It’s important to be transparent that this Shared Measurement System was designed from a non-Indigenous worldview and we recognize that Indigenous ways of knowing are absent from it. For more information on this positioning, see our Right Relations page.
Having access to reliable information about the health of our waters is vital to making good management decisions. If we don’t understand the health of our waters, we can’t fully understand the impact of pressures that threaten fresh water such as pollution, agricultural runoff, urbanization, natural resource extraction and climate change.
WWF-Canada has undertaken watershed health assessments of all the country’s sub-watersheds. In 2017, when WWF first released it's Watershed Reports, of Canada’s 167 sub-watersheds (based on the Water Survey of Canada’s "sub-drainage" areas), only 57 (34%) had sufficient, accessible data to assess overall health. In October, 2020, WWF updated the Watershed Reports, and this time 67 of the 167 sub-watersheds (40%) had sufficient, accessible data to assess overall health.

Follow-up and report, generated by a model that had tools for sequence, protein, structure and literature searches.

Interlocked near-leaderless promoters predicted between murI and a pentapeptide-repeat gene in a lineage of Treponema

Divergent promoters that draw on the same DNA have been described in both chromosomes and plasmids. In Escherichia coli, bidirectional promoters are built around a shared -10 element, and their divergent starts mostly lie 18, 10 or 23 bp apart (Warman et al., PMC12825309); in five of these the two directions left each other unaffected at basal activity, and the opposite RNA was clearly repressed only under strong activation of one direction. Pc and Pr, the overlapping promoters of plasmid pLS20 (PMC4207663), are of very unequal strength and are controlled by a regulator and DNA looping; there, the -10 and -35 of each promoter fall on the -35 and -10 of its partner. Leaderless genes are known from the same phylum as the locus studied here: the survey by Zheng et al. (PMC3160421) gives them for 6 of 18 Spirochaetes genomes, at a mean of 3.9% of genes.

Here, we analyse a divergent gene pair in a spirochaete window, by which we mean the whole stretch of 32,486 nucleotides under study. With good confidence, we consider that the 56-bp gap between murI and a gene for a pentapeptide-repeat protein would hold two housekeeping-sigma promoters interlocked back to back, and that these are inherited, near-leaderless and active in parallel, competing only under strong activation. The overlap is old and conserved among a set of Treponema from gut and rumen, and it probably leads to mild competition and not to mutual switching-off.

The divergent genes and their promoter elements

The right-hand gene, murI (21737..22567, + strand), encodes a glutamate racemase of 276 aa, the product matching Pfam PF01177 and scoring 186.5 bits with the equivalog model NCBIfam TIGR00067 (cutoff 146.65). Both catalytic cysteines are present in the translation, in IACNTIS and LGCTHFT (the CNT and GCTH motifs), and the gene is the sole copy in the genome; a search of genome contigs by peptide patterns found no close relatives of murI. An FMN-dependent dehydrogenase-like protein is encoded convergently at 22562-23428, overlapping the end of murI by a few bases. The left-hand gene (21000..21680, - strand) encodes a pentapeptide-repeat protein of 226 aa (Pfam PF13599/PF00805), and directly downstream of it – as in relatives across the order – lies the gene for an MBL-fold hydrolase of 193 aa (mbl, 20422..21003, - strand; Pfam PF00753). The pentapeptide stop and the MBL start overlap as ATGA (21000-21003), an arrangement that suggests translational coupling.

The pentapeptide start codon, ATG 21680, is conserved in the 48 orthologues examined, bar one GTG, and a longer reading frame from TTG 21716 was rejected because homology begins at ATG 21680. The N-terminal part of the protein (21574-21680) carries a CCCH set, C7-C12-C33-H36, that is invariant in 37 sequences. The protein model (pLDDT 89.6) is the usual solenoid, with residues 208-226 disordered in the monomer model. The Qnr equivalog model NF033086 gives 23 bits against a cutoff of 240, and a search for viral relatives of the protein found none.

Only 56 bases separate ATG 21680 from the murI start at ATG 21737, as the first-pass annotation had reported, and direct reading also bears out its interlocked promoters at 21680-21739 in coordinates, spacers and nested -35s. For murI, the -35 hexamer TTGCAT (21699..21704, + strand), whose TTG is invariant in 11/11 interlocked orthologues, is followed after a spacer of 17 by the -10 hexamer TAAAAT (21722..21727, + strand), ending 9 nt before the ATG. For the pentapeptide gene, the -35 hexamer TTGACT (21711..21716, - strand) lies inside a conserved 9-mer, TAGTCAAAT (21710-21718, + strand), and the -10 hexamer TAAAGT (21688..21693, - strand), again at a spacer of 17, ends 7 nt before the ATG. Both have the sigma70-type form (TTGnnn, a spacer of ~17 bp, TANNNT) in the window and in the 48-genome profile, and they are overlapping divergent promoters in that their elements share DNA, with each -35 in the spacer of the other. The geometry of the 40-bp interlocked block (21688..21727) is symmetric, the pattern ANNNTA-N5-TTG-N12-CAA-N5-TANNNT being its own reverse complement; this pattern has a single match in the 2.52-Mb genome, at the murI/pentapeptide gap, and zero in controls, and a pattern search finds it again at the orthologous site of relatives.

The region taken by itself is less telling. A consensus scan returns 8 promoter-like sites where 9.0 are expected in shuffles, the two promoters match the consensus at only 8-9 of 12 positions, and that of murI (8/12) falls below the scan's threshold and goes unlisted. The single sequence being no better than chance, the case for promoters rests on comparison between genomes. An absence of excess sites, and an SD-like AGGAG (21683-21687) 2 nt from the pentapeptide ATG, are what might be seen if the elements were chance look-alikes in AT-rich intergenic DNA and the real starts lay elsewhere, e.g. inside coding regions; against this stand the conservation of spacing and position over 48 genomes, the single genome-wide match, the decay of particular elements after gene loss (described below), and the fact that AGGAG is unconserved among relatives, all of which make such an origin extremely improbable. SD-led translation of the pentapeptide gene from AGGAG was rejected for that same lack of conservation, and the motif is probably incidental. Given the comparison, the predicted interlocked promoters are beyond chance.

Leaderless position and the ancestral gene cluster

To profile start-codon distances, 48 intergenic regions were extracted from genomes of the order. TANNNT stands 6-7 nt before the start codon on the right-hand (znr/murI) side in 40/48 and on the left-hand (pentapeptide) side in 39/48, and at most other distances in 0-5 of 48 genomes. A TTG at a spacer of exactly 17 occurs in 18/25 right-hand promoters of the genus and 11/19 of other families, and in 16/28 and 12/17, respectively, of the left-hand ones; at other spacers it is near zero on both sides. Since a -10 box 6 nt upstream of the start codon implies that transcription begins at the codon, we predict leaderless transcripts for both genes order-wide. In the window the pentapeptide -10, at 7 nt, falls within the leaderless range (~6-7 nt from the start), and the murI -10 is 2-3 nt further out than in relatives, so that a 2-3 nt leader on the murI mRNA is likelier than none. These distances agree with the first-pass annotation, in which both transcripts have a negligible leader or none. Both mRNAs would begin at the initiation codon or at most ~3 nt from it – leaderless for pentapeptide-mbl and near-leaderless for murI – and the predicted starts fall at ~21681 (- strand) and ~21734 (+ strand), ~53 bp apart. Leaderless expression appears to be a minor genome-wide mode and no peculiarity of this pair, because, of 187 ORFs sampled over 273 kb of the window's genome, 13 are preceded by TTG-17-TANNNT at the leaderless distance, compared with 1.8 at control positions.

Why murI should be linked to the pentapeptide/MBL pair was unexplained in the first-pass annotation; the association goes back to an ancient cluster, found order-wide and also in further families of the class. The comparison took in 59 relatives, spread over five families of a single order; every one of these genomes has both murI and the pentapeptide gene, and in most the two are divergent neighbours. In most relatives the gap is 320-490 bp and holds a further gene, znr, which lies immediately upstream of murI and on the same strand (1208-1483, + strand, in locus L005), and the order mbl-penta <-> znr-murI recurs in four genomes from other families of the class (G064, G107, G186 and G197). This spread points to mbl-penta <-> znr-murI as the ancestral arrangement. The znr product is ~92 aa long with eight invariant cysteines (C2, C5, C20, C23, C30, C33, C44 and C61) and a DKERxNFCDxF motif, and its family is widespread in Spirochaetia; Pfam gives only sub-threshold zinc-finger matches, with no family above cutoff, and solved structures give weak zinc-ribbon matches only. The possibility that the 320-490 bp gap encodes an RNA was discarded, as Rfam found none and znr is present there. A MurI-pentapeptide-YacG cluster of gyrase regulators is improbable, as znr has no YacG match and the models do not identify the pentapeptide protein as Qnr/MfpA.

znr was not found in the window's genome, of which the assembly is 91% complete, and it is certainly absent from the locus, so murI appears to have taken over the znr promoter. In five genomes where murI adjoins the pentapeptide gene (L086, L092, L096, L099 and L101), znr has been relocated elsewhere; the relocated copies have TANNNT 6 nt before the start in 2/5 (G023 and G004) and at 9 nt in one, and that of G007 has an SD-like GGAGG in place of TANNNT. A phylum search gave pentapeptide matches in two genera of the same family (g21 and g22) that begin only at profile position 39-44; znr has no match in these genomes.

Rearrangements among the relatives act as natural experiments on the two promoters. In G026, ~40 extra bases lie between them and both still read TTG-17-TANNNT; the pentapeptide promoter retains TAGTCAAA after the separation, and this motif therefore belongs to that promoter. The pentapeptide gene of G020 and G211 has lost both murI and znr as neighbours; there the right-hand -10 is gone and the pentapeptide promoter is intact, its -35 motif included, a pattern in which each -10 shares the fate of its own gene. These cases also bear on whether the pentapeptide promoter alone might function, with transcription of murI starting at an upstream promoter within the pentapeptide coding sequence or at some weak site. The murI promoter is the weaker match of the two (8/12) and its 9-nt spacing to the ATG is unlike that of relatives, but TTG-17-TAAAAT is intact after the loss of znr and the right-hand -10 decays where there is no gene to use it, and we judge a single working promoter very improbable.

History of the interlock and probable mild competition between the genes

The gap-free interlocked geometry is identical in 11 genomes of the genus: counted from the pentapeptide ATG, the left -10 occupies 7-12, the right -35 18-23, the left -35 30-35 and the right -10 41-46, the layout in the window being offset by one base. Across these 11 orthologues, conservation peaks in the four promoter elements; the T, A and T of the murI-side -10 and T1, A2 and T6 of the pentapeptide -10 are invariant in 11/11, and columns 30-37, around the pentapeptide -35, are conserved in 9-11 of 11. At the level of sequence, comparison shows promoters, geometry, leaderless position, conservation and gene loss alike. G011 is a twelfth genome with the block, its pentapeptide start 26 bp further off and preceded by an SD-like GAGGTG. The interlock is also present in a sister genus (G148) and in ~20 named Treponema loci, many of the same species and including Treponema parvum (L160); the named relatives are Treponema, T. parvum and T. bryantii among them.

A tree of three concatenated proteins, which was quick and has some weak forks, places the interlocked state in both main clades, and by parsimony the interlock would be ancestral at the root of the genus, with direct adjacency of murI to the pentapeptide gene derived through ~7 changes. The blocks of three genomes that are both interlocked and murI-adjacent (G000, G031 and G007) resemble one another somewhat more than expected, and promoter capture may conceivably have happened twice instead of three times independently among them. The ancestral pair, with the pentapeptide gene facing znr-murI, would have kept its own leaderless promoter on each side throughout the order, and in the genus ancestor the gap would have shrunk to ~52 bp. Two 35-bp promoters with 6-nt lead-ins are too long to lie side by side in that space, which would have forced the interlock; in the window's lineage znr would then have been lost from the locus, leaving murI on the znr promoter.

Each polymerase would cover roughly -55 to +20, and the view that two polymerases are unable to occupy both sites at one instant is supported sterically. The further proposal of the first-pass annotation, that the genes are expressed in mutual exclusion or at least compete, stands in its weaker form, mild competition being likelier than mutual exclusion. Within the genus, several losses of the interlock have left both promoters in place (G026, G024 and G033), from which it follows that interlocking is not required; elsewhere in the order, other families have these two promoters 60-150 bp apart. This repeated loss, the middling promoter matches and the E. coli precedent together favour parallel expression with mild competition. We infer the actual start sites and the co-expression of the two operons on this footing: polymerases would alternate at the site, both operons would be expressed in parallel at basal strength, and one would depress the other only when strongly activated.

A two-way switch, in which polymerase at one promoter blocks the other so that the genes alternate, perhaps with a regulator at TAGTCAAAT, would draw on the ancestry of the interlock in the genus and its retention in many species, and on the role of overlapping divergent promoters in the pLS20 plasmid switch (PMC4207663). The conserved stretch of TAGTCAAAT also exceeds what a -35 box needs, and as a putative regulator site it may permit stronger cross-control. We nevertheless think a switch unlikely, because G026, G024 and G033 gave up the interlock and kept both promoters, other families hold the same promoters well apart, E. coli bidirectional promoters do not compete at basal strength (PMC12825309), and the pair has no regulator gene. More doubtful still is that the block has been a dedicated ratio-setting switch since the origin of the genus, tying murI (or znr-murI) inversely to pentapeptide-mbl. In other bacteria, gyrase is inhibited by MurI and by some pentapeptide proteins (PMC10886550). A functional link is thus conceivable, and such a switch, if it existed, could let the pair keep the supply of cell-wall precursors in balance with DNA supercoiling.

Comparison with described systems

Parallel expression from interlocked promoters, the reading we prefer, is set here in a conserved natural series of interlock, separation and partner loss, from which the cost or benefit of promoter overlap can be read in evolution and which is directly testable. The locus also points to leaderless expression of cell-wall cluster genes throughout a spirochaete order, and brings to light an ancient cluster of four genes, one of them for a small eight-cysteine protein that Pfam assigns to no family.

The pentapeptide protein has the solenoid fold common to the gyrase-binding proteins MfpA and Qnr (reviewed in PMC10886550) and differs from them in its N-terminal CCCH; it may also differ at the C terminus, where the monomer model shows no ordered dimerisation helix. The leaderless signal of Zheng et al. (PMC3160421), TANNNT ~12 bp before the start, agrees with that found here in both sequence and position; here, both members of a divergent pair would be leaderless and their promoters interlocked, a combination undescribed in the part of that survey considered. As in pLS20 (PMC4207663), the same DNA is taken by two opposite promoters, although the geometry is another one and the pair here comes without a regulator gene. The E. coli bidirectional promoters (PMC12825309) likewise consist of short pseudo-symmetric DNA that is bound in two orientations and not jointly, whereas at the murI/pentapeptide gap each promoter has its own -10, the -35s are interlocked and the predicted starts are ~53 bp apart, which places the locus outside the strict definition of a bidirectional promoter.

As WWF-Canada states, “Canadians deserve to know the state of their country’s watersheds.” Unfortunately, we are not collecting enough water data to give an accurate picture of watershed health across the country. As a result, for the majority of the country, we are unequipped to make decisions informed by good data.
5-Year target: Working with the Our Living Waters Network and other local data collection and reporting initiatives across Canada, we want to see at least 50% of Canada’s 167 sub-watersheds have sufficient data to assess their overall health.
Last updated October 2020